ogic) A type of programmable logic chip (PLD) that contains arrays of programmable AND gates and predefined OR gates. PALs are defined by their number of inputs and outputs; for example, a 22v10 chip means 22 inputs and 10 outputs. The inputs are connected by fuses to logic circuits, which themselves are connected by fuses to the output lines. Often used for glue logic, the chips are programmed by blowing apart the required fuses in a device similar to a PROM programmer. See PLD
, glue logic
and PROM programmer
ine) An analog color TV standard that was developed in Germany and first broadcast in England and West Germany in 1967. PAL has been used throughout Europe and China as well as in various African, South American and Middle Eastern countries.
There are several PAL formats with different audio and video channel sizes; however, most of them have 625 lines of resolution with 576 lines containing the image. The PAL frame rate is 25 interlaced frames per second (fps), which is equal to 50 half frames per second.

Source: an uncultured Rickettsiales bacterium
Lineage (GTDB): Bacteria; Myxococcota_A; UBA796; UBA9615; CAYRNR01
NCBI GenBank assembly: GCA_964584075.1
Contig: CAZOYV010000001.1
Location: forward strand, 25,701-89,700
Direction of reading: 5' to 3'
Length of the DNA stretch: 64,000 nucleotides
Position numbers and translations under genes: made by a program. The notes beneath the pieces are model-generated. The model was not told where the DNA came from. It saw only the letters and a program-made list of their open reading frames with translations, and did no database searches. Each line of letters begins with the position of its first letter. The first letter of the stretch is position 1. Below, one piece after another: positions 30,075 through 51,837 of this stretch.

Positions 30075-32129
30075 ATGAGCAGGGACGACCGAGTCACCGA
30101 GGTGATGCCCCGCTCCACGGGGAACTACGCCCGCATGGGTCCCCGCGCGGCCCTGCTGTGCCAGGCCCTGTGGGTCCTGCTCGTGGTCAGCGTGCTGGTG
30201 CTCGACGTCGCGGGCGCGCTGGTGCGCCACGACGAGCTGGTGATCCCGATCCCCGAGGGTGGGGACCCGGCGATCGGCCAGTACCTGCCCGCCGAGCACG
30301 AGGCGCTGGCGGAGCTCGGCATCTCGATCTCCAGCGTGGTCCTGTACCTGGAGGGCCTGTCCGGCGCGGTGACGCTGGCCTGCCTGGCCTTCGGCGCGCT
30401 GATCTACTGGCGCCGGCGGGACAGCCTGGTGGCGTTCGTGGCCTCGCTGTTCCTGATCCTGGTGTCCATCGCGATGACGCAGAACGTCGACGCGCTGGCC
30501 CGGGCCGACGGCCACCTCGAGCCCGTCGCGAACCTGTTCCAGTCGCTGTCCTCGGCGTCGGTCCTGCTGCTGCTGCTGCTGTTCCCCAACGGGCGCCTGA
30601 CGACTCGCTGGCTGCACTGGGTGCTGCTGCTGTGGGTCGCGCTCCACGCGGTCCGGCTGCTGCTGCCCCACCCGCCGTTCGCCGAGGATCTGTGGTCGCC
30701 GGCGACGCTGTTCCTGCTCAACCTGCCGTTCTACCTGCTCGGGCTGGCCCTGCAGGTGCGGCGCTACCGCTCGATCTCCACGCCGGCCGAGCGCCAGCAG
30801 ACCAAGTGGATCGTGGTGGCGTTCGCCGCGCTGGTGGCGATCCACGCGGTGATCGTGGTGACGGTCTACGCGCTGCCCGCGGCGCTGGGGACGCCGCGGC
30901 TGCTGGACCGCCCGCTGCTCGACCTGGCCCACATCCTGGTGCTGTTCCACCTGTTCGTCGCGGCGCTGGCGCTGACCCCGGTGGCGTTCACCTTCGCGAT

The digital video (DV) camcorder format and the digital television standard that are equivalent to PAL are 720x576 pixels. See DV
Brazil uses PAL M, which is almost the same as NTSC. Late model PAL TVs, VCRs and DVD players accommodate the different formats as well as NTSC media. PAL's color signals are maintained automatically, and PAL TV sets never had a user-adjustable hue control like NTSC TVs. See PAL DVD
icense) See 3.5 GHz band
anguage) A programming language used within Borland's Paradox relational database. Paradox is part of Corel's WordPerfect suite. See WordPerfect Office
"Parents are listening." See digispeak